The best person to ask, “When can I retire?” is probably a professional. You only get one chance to completely retire, and it is not something you can afford to get wrong.
Meeting with a financial adviser about when you can comfortably retire can give you peace of mind.
Choosing a retirement date is like solving a very complicated puzzle. There are lots of unknowns, trade-offs, and complex financial math. Many people do it on their own, but the right financial adviser can give you the reassurances you need.
In addition to the online Retirement Planner, NewRetirement offers fee-only planning services. Because we collaborate over the online plan, costs can be kept low.
18. Have you explored trade-offs?
Any retirement date is possible — especially with trade-offs.
There are so many different ways to retire. For some retirement means have millions in savings. Others can cut costs dramatically and live on Social Security alone. There is no one right way.
Hundreds of different levers can be adjusted to help you discover a plan to retire at an age that suits you — part time work, downsizing, delaying the start of Social Security, relying on passive income, and more.
19. How will your housing needs change over time?
From finally getting to spend time in your vacation home to downsizing, retirement abroad or moving to a continuing care residence, it is not unusual to spend your retirement outside of your long-time residence.
20. Do you know what you want to do next?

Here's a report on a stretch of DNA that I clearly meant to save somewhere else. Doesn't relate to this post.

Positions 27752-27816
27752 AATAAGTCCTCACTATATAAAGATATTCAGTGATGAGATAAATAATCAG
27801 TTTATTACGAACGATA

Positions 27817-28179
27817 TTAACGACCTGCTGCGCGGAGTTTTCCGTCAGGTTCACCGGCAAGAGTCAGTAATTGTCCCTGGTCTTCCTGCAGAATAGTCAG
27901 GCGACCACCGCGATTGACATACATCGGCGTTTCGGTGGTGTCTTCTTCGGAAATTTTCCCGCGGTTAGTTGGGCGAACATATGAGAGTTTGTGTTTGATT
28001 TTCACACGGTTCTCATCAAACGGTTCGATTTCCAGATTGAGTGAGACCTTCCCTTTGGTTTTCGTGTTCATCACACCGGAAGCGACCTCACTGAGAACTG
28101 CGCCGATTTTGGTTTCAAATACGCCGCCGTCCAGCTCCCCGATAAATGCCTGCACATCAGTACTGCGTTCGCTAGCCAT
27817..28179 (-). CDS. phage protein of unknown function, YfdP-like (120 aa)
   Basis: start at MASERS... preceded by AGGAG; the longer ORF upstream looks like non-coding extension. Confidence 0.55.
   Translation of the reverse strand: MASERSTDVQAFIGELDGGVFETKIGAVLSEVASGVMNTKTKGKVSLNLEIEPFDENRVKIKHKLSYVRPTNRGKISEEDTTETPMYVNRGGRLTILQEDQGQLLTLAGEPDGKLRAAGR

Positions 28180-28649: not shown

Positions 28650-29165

When you ask yourself, “when I retire,” are you trying to get away from something or to something?
A study from Merrill Lynch found that 9 out of 10 boomers see retirement as an opportunity for a new beginning — not an end of something. Retiring to something can be critical to your retirement happiness.
It is even better if what you choose to do in retirement is meaningful. Research from Oxford University finds that a meaningful life lessens the effects of aging.
In fact, people with a sense of purpose had a 15% lower risk of death, compared with those who said they were more or less aimless. And it didn’t seem to matter when people found their direction.
It could be in their 20s, 50s, or 70s — even when controlled for other factors that affect longevity like age, gender and emotional well-being.
The study found that a sense of purpose led to a longer life.
The ideal retirement age is whenever you have financial freedom and a good idea of what you really want to do with your time
We are all asking ourselves, “Should I retire?” “When can I retire?” “Can I retire now?” “…What about now?” While the answer to these questions is highly personal, you are probably ready if:
- You have a strong financial plan.
- You know how you want to spend your time.
If you are not sure about these factors, then perhaps you’ll benefit from delaying retirement. A delayed retirement can indeed make you happier, healthier and certainly wealthier.
Delaying retirement provides you with extra time to work longer and build a greater nest egg. It also allows you to claim higher Social Security benefits, which can boost your quality of life.
It may surprise you to learn that delaying retirement can enhance your happiness and health. Let’s not forget lifetime wealth.